"Be feared, or live in fear": A descriptive model of institutional gang violence
Permanent link to Research Commons versionhttps://hdl.handle.net/10289/15729
Prison violence is a significant concern both in New Zealand and across the globe. While past theories and empirical research have highlighted several risk factors implicated in prison violence, we continue to have a limited understanding of what happens, and why it happens, during a prison violence event (PVE). Furthermore, we have even less of an understanding about the involvement of gangs in prison violence despite research suggesting that gang members are over-represented when it comes to involvement in such incidents. Previous research on gang violence in prison also focuses heavily on prisons in the United States of America which have different cultural, social, and judicial dimensions and may not generalise to the New Zealand prison population. This research project aimed to fill some of these gaps by taking an exploratory approach to induce new ideas following interviews with gang members who have first-hand experience with perpetrating prison violence. We used Grounded Theory to collect and analyse event descriptions to build a descriptive model of institutional gang violence which describes the distal and proximal features of the PVE process. The resulting model contributes to a better understanding of the function of PVEs involving gang members and the extent to which these events differ when carried out for or on behalf of the gang. It also highlights the role of past trauma and the prison ecology in the perpetuation of these events.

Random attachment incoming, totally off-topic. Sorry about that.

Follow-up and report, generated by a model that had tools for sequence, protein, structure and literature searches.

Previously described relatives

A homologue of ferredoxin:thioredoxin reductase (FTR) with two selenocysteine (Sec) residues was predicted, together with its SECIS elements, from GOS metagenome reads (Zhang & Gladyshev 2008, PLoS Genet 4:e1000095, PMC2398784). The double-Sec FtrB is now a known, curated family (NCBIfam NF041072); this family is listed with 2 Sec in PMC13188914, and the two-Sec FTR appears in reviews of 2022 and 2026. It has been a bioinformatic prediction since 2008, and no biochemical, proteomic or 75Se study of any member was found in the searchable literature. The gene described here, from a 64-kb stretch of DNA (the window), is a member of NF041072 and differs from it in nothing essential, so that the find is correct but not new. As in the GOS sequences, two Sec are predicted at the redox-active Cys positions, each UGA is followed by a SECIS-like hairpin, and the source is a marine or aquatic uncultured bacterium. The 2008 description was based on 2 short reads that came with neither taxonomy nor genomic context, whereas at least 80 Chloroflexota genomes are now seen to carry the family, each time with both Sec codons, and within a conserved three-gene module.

The University of Waikato
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- Masters Degree Theses